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Smooth Sailing: Why Tropical House Is the New Yacht Rock

October 22nd, 2015

Smooth Sailing: Why Tropical House Is the New Yacht Rock

smooth sailing why tropical house is the new yacht rock

Until very recently, the term “EDM” to pretty much anyone who knew it meant a particularly loud, aggressive, and drop-filled blend of dubstep, moombahton, hardstyle, and trap … and that was it. Over the past year, though, dance music culture’s most mainstream-facing aspect has given itself an extreme makeover based around gently throbbing drums, mellow synth melodies, and a breezy mood better suited to sipping frozen cocktails on a Caribbean beach than packing into a sweaty club.

The explosion of tropical house has turned the aesthetics of EDM completely upside down, but while the rapid pace it’s been working at may be remarkable, what it’s doing isn’t exactly unprecedented.

By the late 70s, Led Zeppelin, Rush, and a legion of prog bands had evolved “rock ‘n’ roll” into “rock music,” a bombastic, overwrought, bloated genre that had little in common stylistically with the lean, sharp style of 20 years before (sound familiar?). Then, seemingly overnight, the tide shifted abruptly, as everyone from hard rockers to folk singers latched onto a groovy, laid-back soul-pop sound that audiences couldn’t get enough of. Arena rock had been supplanted by yacht rock. Helllooo Kenny Loggins!

Flash forward into the present … and tropical house is just the yacht rock of today.

The stylistic similarities are uncanny. Tropical house actually borrows more heavily from yacht rock than it does Balearic beat, which it’s most often compared to. Tropical house is full of yacht rock signifiers like steelpans, bongos, marimbas and kalimbas. Its biggest star, the barely-legal Felix Jaehn, incorporates a smooth sax solo into “Push,” while his cover of Chaka Khan’s “Ain’t Nobody” sounds like it was designed specifically for DJs to mix it into Billy Ocean’s “Caribbean Queen.”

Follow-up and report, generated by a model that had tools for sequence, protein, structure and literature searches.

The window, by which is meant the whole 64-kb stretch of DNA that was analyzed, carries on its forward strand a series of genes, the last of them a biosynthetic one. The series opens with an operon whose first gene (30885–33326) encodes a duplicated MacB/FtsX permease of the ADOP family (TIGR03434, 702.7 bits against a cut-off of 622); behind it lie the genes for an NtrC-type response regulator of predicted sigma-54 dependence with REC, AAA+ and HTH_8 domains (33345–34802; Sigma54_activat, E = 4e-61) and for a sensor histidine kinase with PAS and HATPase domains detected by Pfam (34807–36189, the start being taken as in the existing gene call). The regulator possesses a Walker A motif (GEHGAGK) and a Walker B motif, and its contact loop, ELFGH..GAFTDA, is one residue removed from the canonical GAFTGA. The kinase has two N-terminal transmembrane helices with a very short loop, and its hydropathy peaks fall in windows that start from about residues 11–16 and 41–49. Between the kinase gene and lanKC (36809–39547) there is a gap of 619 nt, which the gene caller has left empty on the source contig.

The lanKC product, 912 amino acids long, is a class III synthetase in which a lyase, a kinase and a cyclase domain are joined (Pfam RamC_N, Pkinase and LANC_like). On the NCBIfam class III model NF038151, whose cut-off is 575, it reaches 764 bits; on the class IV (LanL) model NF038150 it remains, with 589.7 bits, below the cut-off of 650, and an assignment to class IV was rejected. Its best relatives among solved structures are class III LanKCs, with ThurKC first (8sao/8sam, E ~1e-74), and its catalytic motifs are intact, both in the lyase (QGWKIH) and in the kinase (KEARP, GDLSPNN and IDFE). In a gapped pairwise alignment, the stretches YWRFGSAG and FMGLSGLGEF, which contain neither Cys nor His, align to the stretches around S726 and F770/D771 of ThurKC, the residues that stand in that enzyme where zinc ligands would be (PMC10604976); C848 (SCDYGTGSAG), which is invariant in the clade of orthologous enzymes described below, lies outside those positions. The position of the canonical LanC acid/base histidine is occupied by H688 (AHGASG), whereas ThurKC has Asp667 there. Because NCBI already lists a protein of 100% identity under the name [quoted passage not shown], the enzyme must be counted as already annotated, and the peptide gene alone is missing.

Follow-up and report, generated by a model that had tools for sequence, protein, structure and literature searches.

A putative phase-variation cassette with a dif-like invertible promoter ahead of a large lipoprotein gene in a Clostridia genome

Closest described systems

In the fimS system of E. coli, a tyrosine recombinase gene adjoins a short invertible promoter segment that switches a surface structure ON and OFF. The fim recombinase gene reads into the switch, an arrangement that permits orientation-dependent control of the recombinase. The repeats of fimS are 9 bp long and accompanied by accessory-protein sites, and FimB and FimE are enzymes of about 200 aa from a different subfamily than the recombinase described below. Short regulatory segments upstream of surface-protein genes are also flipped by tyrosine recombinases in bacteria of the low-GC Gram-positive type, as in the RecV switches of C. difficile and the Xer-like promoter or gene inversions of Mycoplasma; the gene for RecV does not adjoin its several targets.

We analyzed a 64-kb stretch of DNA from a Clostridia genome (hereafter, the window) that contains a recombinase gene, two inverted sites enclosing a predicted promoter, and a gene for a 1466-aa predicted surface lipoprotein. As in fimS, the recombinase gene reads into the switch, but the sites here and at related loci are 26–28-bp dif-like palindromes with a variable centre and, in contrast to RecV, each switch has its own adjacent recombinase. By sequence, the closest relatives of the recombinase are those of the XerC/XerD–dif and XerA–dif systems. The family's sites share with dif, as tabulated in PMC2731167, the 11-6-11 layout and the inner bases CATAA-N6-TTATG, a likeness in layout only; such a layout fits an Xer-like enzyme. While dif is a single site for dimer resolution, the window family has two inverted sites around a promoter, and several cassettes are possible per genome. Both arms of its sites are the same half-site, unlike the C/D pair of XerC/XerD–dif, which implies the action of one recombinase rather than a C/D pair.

Synthesized flute parts that sound like they could have been sampled off of Toto’s “Africa” have become so prevalent that they’re almost a requirement for a track to even qualify as tropical house.

Check out the creepy similarities between Bieber’s “What Do You Mean?” and “Africa” …

The similarities between yacht rock and tropical house extend further than a weakness for New Age-y flute patches, though. Both are the byproducts of behemoth genres that got so caught up in their extravagant stylistic quirks that they threatened to lose touch with the mainstream pop audience they’d cultivated. A chillaxed reboot is an easy way to give artists a fresh palette to work from that also happens to be much more commercially viable.

This kind of mellowing-out phase is a common characteristic among genres that reach a certain level of popularity. Jazz went through it when cool jazz sprang out of bebop’s arcane musical explorations, and again when knotty jazz fusion led to the rise of smooth jazz. The first wave of gangsta rap in the late ‘80s led directly to the rise of hippie-leaning acts like P.M. Dawn and Arrested Development, just like the most outrageous sonic excesses of the Bling Era led to the rise of minimalist rap that followed in the wake of Kanye’s 808s and Heartbreaks.

These kind of large-scale aesthetic shifts can be a sign that a genre’s in trouble–that it’s become so aesthetically stagnant that it’s willing to try anything to figure out something new, even if it means doing the exact opposite of what it’s been doing for years. It can also be a sign of stability, though. The fact that the pop charts can sustain two entirely different approaches to EDM reflects how deeply the genre’s penetrated into the mainstream. It suggests that popular taste in dance music is maturing, and becoming more nuanced. It may be a quiet revolution, but it’s still revolutionary.

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